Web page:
In 1982 the first issue of Love & Rockets by the brothers Hernandez appeared and started a revolution. Love & Rockets was published under the Fantagraphics imprint in a fine example of “putting your money where your mouth is” by the same folks who produced the Comics Journal. After years of demanding better comics Fantagraphics launched what has come to be known as “Alternative” comics (Alternative as opposed to mainstream superhero comics publishers). In the beginning because Alternative comixs were printed in black and white they were seen as little more than a slightly less racy form of Underground comix. As the scene grew, Alternative comix could and did take just about any approach in an amazing display of diversity, from Lowbrow to Highbrow (indeed, some comix, such as Ivan Brunette’s Psycho had elements of both) but the majority, I would argue, are neither. The story of Alternative comix is the triumph of the Middlebrow. Less outwardly rebellious, more mature and contemplative than the undergrounds, Alternative comics still sought to communicate in a language comics readers could understand, without the confusion of artificial artiness. With stories for the most part firmly rooted in the real world, Alternative comics rejected the hyper-intensity of mainstream superhero comics by creating quiet stories of relationships (Love & Rockets), satire in the tradition of Mad Magazine (Peter Bagge’s Hate), the autobiographical (Joe Matt’s Peepshow) and even the journalistic (Joe Saco’s Palestine). Even A later generation of Alternative comix written in a superhero or fantasy setting, such as Scott McCloud’s Zot!, Jeff Smith’s Bone or Linda Medley’s Castle Waiting reject the shrill bombast of mainstream comics for a quieter, more humorous and human approach.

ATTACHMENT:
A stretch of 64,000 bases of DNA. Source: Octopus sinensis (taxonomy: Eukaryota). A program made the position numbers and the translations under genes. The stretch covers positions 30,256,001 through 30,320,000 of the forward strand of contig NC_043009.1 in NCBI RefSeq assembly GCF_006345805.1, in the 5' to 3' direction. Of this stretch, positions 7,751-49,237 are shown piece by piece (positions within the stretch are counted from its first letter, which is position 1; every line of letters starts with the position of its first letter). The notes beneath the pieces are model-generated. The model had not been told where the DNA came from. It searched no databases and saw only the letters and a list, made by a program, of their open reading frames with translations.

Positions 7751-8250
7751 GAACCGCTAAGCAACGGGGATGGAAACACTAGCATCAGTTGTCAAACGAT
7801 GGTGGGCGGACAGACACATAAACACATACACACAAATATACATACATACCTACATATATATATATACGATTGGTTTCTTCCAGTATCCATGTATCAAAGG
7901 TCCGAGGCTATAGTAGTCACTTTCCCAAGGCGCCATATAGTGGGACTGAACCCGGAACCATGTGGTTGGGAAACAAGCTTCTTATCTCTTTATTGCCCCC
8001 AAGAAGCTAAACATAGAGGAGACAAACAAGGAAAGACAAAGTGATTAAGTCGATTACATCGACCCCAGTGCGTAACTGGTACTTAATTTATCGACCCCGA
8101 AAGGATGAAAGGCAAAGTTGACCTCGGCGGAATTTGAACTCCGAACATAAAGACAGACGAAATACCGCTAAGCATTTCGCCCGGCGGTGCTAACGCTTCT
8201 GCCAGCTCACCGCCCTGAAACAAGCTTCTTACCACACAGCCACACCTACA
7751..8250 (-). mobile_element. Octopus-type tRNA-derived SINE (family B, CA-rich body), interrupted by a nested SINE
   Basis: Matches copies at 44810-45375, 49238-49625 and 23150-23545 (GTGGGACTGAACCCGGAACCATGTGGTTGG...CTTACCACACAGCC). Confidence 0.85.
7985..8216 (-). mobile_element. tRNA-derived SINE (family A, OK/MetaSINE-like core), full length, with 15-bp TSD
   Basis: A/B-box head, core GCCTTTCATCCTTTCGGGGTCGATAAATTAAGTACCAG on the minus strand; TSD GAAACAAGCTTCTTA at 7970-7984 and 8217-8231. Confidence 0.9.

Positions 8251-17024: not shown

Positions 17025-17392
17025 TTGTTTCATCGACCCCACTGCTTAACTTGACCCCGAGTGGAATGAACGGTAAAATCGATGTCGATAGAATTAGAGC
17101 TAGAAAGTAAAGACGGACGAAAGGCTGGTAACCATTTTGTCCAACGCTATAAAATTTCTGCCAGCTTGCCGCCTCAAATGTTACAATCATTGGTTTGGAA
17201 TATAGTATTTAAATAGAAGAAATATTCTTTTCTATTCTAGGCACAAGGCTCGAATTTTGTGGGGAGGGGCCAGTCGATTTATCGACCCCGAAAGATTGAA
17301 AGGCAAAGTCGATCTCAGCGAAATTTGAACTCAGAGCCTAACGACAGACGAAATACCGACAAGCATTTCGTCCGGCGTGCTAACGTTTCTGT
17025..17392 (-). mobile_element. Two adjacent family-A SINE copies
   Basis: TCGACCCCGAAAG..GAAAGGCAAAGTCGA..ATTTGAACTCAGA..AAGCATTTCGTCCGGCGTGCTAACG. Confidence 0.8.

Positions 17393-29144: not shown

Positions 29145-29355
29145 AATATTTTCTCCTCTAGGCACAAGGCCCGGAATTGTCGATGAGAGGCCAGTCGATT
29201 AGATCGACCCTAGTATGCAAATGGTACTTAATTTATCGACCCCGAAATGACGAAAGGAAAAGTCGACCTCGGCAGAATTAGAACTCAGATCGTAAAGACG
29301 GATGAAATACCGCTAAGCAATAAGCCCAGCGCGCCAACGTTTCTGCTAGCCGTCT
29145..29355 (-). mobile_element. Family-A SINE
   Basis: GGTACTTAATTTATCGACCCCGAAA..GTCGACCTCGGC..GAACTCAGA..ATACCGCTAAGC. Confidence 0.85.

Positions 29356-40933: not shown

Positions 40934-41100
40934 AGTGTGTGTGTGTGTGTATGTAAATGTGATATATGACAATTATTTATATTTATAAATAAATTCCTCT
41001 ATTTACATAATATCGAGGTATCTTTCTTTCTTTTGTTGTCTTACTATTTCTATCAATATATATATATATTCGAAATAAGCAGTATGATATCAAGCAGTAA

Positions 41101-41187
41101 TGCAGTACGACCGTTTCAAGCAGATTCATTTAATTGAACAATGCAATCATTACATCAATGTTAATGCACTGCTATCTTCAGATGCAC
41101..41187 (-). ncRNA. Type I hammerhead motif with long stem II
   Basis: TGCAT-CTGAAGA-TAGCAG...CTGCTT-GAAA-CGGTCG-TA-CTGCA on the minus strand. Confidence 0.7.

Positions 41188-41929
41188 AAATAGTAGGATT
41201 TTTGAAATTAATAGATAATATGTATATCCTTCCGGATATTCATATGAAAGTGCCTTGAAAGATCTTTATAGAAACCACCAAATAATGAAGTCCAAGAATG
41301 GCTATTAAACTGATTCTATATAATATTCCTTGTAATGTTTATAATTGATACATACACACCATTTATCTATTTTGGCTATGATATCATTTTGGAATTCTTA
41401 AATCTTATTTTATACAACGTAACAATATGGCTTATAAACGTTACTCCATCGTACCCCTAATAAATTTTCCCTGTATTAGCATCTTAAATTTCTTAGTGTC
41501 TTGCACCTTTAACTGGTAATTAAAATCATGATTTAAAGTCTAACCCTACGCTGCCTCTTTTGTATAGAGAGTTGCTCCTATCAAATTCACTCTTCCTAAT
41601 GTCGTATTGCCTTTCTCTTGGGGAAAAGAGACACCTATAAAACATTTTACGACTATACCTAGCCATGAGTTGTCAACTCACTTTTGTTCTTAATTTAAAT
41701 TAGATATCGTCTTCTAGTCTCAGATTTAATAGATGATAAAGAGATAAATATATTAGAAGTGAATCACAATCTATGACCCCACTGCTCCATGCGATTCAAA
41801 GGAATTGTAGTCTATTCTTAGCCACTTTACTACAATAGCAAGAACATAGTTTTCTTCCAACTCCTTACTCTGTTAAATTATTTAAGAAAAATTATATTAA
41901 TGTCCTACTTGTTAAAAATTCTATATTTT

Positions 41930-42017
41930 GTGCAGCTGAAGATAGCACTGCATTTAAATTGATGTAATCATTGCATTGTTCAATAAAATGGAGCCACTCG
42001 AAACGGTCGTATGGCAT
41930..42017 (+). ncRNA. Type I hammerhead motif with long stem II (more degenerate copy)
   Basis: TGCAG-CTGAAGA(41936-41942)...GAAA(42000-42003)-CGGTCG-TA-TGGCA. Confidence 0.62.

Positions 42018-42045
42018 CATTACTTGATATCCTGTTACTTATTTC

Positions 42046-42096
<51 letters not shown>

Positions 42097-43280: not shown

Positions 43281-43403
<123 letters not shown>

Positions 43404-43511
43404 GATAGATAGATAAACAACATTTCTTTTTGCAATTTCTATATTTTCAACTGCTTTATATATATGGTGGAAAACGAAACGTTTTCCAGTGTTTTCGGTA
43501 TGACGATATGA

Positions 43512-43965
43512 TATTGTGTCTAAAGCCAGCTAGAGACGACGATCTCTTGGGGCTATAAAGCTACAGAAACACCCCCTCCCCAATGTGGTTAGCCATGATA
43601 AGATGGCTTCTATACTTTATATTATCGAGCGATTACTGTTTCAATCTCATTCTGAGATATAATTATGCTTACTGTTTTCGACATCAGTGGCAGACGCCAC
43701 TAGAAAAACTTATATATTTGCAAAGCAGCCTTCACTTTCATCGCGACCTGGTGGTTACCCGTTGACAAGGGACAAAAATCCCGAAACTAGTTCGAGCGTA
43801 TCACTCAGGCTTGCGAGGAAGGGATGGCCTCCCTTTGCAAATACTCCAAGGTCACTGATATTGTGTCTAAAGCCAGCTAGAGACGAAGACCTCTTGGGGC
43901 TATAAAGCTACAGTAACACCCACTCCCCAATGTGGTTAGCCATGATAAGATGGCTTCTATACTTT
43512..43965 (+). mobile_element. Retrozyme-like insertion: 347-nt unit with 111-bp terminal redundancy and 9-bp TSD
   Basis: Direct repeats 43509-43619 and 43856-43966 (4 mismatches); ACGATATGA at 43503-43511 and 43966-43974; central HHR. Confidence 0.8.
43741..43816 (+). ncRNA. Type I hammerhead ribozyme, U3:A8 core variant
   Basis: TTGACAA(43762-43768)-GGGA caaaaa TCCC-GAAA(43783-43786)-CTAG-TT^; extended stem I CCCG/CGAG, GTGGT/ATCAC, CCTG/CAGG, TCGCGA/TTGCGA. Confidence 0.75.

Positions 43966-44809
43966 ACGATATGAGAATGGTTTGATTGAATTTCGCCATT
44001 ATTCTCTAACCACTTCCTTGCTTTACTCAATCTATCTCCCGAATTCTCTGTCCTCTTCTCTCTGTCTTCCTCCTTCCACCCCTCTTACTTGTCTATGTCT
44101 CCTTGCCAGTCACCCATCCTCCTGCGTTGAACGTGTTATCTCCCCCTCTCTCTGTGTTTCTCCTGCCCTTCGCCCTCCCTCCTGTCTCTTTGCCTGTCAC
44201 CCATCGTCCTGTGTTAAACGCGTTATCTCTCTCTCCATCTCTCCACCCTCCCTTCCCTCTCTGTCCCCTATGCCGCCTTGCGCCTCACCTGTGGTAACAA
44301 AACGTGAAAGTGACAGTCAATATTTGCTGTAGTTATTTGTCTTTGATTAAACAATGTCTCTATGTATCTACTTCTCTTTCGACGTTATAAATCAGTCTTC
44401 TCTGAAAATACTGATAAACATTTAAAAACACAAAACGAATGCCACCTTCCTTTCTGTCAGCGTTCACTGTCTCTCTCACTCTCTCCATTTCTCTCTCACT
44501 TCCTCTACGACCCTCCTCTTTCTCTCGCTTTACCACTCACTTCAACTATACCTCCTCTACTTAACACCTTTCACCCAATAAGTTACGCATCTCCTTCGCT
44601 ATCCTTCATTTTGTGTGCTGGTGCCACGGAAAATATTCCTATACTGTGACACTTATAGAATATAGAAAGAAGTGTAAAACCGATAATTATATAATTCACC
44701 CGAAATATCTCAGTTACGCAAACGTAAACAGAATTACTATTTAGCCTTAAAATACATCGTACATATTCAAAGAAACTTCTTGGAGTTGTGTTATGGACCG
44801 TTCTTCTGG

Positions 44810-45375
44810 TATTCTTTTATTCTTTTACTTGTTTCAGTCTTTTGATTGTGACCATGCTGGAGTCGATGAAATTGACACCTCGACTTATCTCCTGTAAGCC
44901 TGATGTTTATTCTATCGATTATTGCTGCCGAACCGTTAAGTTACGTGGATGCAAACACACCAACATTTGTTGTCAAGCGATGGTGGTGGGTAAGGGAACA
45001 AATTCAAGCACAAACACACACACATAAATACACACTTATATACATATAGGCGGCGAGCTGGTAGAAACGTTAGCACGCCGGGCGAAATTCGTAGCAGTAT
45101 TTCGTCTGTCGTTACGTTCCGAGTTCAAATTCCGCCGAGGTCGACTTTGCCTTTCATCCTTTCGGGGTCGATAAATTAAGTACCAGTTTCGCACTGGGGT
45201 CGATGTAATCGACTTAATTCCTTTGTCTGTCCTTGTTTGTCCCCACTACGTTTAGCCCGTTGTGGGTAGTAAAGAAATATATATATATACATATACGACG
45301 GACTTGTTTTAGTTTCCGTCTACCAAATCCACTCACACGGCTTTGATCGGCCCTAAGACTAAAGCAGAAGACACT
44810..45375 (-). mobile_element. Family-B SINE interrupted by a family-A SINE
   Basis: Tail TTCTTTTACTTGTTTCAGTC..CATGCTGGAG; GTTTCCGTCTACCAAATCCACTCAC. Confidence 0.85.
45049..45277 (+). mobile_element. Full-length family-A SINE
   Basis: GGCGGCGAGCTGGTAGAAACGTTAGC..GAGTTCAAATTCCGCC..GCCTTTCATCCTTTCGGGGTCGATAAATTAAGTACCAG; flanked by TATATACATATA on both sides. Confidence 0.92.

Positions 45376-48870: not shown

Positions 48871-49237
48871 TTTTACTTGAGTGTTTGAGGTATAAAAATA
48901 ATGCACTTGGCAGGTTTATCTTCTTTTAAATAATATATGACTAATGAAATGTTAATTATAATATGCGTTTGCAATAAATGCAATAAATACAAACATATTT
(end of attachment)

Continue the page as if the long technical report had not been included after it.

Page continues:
Despite some ridiculous court battles by outraged citizens still trapped in the mind set that comix are still strictly for kids, alternative comics have not suffered from the massive censorship problems that EC or the Undergrounds did, and after years of effort Alternative comics are gaining respectability as readers who may have read Love & Rockets as rebellious teens are now entering into positions of cultural gatekeepers in the media, libraries, academia and galleries. Across North America newly minted comic shops made it possible to buy Alternative comix in most major cities. Alternative and self-published cartoonists were being mobbed at conventions and being treated like rock stars. It seemed at last comix day had arrived..